THE CLOCK 24 hours of timepiece footage, in real time, from 100 years of cinema around the world screened in ACMI’s gallery space – what’s not to love? Both a wondrous celebration of screen art and a cunning play on our temporal existence. An experience to lose yourself in.
EIGHTH GRADE Comedian-musician-poet and now filmmaker, Bo Burnham, jumps out of the gates with this unassuming little stunner that magically captures the awkwardness of being a girl and being 13. Massive props to Elsie Fisher who is the heart of the film.
THE GUILTY A gritty and rollicking Danish thriller, ostensibly taking place in the one room, proves that all you need is a good story and solid performers to make a truly excellent film. Essential viewing for all wannabe filmmakers (and lovers of Nordic Noir).
THE IRISHMAN Just when you thought you knew what to expect from a Martin Scorsese gangster film, this one comes along. Proof of Scorsese’s genius (if there was ever a doubt), as well as his command over tone and performance. Joe Pesci steals the show.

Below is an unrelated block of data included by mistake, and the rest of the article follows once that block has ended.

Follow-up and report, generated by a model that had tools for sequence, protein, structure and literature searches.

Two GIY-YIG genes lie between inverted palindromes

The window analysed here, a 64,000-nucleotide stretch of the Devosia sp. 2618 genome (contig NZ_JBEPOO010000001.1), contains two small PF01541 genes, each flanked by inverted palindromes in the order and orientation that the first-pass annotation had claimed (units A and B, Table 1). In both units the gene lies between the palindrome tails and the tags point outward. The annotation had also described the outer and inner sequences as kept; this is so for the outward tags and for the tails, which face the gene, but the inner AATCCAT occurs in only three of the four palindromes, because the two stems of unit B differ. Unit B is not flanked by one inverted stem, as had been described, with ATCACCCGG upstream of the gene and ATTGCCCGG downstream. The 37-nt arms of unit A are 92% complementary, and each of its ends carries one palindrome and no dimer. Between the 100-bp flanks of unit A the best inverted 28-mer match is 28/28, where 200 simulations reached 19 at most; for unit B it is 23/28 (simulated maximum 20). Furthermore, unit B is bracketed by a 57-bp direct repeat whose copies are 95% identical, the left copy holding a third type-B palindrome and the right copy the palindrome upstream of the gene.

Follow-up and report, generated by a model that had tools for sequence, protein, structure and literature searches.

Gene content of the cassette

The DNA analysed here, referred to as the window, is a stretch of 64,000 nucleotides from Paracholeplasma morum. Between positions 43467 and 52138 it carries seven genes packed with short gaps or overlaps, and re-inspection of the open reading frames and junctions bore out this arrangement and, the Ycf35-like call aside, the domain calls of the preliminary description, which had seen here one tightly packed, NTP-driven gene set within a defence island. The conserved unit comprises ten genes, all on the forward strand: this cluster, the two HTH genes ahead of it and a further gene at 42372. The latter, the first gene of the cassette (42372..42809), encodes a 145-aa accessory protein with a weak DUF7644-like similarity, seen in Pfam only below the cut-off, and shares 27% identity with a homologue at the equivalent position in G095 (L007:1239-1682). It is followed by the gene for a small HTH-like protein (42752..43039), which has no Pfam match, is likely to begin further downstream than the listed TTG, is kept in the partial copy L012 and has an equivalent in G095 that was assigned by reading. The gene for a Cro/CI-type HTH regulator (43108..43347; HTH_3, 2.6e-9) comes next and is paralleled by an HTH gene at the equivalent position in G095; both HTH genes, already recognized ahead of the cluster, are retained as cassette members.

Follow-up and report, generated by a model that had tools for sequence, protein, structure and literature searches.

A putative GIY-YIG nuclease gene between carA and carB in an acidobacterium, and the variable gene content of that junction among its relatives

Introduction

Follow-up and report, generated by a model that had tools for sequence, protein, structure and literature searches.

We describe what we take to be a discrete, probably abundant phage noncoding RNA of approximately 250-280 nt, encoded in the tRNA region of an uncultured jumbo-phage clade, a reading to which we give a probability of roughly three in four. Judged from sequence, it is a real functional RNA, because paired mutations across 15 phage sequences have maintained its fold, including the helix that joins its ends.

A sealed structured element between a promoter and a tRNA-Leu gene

JOHN WICK: CHAPTER THREE – PARABELLUM The most fun to be had in a cinema in 2019! John Wick’s filmic legacy just gets richer, more visceral and more beautiful. Takes fight sequences to even higher balletic standards, and turns horses and books into weaponry. Amazing.
JOKER Balls-to-the-wall ballsiness – how this film managed to get made, we’ll never know. But we should be grateful because we need it. All hail Todd Phillips!
MID 90S Actor Jonah Hill’s writing and directing debut is really something else. A skateboarding ride back into the 1990s, with a killer soundtrack by Trent Reznor and Atticus Ross, and magnificent performances from predominantly non-actors that will have you crying with both laughter and pathos.
PARASITE Filmmaker Bong Joon-ho returns to South Korea (yay!) to deliver this incredible, incendiary comment on class division. Lots of Bong-at-his-best moments – beautifully directed ensemble cast, delicate balance of humour and drama, and a conclusion that will leave you reeling.